Poverty rates in Ottawa County have been increasing despite a fairly stable employment rate, perhaps because of changes in the types of jobs available. The county has lost manufacturing jobs, but gained jobs in the service sector where wages tend to be lower. In the county’s southwest quadrant, where Holland is nearly 12 percent of the adults surveyed were employed but feel their current job is not adequate, and another 7 percent were unemployed and job hunting.
Low savings levels also reveal dangerous vulnerabilities. In the southwest quadrant, 49 percent of households have less than three months of living expenses in savings, and 17 percent have less than one month of savings. For such households, even a modest unforeseen expense or a brief loss of income can quickly turn into a crisis.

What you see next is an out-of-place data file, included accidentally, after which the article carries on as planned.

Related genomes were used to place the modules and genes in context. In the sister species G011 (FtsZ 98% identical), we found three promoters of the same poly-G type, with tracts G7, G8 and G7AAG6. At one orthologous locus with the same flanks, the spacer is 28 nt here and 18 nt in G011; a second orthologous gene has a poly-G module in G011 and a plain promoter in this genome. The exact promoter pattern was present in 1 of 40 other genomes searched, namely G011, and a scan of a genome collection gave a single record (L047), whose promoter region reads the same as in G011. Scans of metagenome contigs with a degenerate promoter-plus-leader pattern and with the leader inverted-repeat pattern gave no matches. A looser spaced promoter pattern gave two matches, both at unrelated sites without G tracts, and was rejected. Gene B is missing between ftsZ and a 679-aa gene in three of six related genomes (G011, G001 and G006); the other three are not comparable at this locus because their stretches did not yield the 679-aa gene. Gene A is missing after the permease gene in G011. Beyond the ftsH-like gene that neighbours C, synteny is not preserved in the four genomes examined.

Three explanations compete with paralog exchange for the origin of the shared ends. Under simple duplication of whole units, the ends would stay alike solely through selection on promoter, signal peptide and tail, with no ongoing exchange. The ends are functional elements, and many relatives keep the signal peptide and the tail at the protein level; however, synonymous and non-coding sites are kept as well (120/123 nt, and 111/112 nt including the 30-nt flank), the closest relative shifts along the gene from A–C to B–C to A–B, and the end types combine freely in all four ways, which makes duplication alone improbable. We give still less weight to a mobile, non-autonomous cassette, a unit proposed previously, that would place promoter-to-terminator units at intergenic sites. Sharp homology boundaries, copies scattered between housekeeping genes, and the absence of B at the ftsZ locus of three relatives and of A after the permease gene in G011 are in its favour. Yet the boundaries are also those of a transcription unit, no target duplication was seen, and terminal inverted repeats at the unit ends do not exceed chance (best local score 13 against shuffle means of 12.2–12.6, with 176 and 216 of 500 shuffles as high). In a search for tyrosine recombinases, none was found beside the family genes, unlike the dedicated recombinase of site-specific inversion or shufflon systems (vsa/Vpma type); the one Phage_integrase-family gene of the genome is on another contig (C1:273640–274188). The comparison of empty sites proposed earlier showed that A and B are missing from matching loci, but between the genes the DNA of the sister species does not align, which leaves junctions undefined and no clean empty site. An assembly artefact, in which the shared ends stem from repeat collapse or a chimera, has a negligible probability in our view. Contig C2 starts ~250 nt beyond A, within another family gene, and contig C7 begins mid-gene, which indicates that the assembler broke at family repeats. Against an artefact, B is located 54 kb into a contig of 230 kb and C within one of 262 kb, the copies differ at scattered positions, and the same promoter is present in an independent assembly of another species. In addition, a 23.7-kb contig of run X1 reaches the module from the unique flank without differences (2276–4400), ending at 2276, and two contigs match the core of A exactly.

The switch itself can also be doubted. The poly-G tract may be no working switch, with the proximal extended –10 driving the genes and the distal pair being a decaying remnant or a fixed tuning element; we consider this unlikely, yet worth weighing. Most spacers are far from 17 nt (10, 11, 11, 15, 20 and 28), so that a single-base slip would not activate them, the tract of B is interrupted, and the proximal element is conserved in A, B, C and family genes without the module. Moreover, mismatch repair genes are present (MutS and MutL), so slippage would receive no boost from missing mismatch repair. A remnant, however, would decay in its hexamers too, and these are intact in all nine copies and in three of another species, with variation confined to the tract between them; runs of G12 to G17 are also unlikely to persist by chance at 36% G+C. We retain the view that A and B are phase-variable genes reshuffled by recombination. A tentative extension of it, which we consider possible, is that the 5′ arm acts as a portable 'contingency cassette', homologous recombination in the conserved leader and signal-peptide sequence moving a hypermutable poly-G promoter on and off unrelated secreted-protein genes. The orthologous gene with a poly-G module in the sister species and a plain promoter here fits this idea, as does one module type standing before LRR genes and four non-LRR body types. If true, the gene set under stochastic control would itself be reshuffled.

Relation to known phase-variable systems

Inability to pay for utilities, housing or health care at least once during the year occurred at rates of 6.5 percent, 7 percent and 8.1 percent, respectively, during 2007. More alarmingly, approximately 25 percent of county households had insufficient money for food at some point during the year.
The data also demonstrate the central role of education in attaining financial security. Low education levels correspond to low income levels and high rates of unmet needs.
Inadequate food, housing, or health care leads to poor health and difficulties at work or school, making self sufficiency increasingly elusive. We must find ways to halt the downward spiral of poverty. The community assessment is available on United Way’s Web site (www.gouwvc.org). Also, Bread for the World will hold a forum on the Basic Needs section at Herrick District Library on March 30 at 7 p.m.
By Dave Zwart and Mary Johnson
Holland Area Chapter of Bread for the World